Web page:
Originally published on Wed September 4, 2013 5:39 pm
The Texas and Mississippi National Guards are refusing to process benefits claims for same-sex couples, despite a Department of Defense directive to the contrary.
Maj. Gen. John Nichols, commander of the Texas forces, made the announcement Tuesday, saying the state's Family Code conflicts with the Defense directive that was issued last month in response to a Supreme Court decision striking down a key provision of the Defense of Marriage Act, or DOMA.
Not that hair is the only thing we care about, but now we're going to hear from a singer whose signature blonde platinum coif is one of the things that makes her stand out. We're talking about singer-songwriter Emeli Sande. She had the best-selling album in Britain in 2012.
This is TELL ME MORE from NPR News. I'm Michel Martin. Coming up, Sheila Bridges stood out for many reasons in her chosen field of interior design. Her celebrity client list, being African-American, but then she began to stand out in a way she did not want - she started losing her hair. We'll talk about how that changed her life and her focus. She talks about that in her new memoir "The Bald Mermaid." And we'll have that conversation in just a few minutes.
This is TELL ME MORE from NPR News. I'm Michel Martin. We're going to spend a good amount of time today hearing various points of view about how the U.S. and the international community should respond to events in Syria. Later, when we head into the Beauty Shop, we'll ask our panel of women journalists and commentators for their thoughts. And we also want to ask them about a list published by a business magazine of the smartest women on Twitter that was notably lacking in diversity. That's in just a few minutes.
Originally published on Wed September 4, 2013 12:16 pm
Usain Bolt, the Jamaican sprinter widely regarded as the fastest man alive, says he's thinking about hanging up his running shoes after the 2016 Olympics in Brazil.
The 27-year-old holds world records in the 100 and 200 meters and has six Olympic gold medals. But Bolt says that before retiring, he'd like to win gold in Rio de Janeiro as well as at next year's Commonwealth Games and best his own world record in the 200.
Syrian boys walk on the rubble of a building in Damascus that was hit by what activists said was shelling by government forces. The threat of a possible U.S. strike has added to the sense of unease in the Syrian capital.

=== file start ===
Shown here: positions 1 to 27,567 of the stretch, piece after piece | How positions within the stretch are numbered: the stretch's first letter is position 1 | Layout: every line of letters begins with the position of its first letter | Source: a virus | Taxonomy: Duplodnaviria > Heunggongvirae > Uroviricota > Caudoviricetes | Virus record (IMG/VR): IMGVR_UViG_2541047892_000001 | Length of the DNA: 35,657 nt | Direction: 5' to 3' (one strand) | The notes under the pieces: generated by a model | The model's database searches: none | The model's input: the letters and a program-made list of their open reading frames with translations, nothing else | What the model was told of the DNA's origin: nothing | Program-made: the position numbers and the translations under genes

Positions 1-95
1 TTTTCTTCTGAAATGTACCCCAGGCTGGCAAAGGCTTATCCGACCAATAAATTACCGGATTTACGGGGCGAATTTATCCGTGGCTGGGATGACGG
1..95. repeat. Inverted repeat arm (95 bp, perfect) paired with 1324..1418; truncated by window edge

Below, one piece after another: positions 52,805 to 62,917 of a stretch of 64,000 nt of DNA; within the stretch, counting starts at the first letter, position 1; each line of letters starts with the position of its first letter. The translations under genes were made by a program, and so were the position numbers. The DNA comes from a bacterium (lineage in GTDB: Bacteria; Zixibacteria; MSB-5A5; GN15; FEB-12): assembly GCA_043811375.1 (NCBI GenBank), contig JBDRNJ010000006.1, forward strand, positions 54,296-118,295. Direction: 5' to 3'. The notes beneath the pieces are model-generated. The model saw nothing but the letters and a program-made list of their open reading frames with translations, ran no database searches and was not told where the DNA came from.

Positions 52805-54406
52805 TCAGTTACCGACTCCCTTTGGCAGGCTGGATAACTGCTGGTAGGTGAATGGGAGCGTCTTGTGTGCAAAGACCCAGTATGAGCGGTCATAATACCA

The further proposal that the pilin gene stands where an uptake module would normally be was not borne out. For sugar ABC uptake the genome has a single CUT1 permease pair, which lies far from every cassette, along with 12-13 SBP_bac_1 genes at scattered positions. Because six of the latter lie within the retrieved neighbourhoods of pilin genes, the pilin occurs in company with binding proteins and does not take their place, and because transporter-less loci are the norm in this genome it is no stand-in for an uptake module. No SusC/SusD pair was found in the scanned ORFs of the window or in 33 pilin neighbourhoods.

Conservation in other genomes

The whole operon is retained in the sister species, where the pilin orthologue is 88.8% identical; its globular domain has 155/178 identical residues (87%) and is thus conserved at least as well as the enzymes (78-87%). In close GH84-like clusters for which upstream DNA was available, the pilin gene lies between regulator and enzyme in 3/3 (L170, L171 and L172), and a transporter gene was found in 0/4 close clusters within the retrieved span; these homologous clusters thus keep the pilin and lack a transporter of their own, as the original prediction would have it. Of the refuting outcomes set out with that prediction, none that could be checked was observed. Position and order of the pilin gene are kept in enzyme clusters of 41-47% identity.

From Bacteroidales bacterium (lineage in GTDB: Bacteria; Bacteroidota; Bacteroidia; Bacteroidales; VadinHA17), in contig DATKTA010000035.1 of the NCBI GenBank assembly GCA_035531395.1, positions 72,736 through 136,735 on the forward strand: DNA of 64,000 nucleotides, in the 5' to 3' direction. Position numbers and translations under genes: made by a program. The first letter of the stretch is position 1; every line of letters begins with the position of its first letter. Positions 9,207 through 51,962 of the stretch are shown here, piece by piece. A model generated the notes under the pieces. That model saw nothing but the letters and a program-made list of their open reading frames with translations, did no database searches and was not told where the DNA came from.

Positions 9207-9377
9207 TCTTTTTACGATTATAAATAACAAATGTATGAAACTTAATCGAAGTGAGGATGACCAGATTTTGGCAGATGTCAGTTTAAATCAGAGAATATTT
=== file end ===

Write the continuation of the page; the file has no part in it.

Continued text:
An intersection in Damascus features portraits of Syrian President Bashar Assad and his father, Hafez Assad, who ruled for 30 years before his death in 2000.
"It's a jungle if you're an eagle right now on the Chesapeake Bay," says Bryan Watts, a conservation biologist at the College of William and Mary in Williamsburg, Va. "You have to watch your back."
Americans have long imagined their national symbol as a solitary, noble bird soaring on majestic wings. The birds are indeed gorgeous and still soar, but the notion that they are loners is outdated, Watts and other conservationists are finding.
Originally published on Wed September 4, 2013 12:08 pm
Although he says he did not ask Congress to authorize the use of force against Syrian President Bashar Assad's regime "as a symbolic gesture," President Obama reiterated Wednesday that "I always reserve the right and responsibility to act on behalf of America's national security."
Originally published on Wed September 4, 2013 11:54 am
The complicated and emotional case of a Native American girl who was adopted by a couple in South Carolina but has been living for more than 18 months with her biological father in Oklahoma has taken another turn.
Originally published on Wed September 4, 2013 11:49 am
President Obama landed in Sweden on Wednesday — the start of a European trip that will take him to Russia for a summit of world leaders at which he'll try to build support for his plan to strike targets inside Syria.
As The Washington Post says, it's a "high-stakes trip ... that could show whether the United States has broad international backing for action."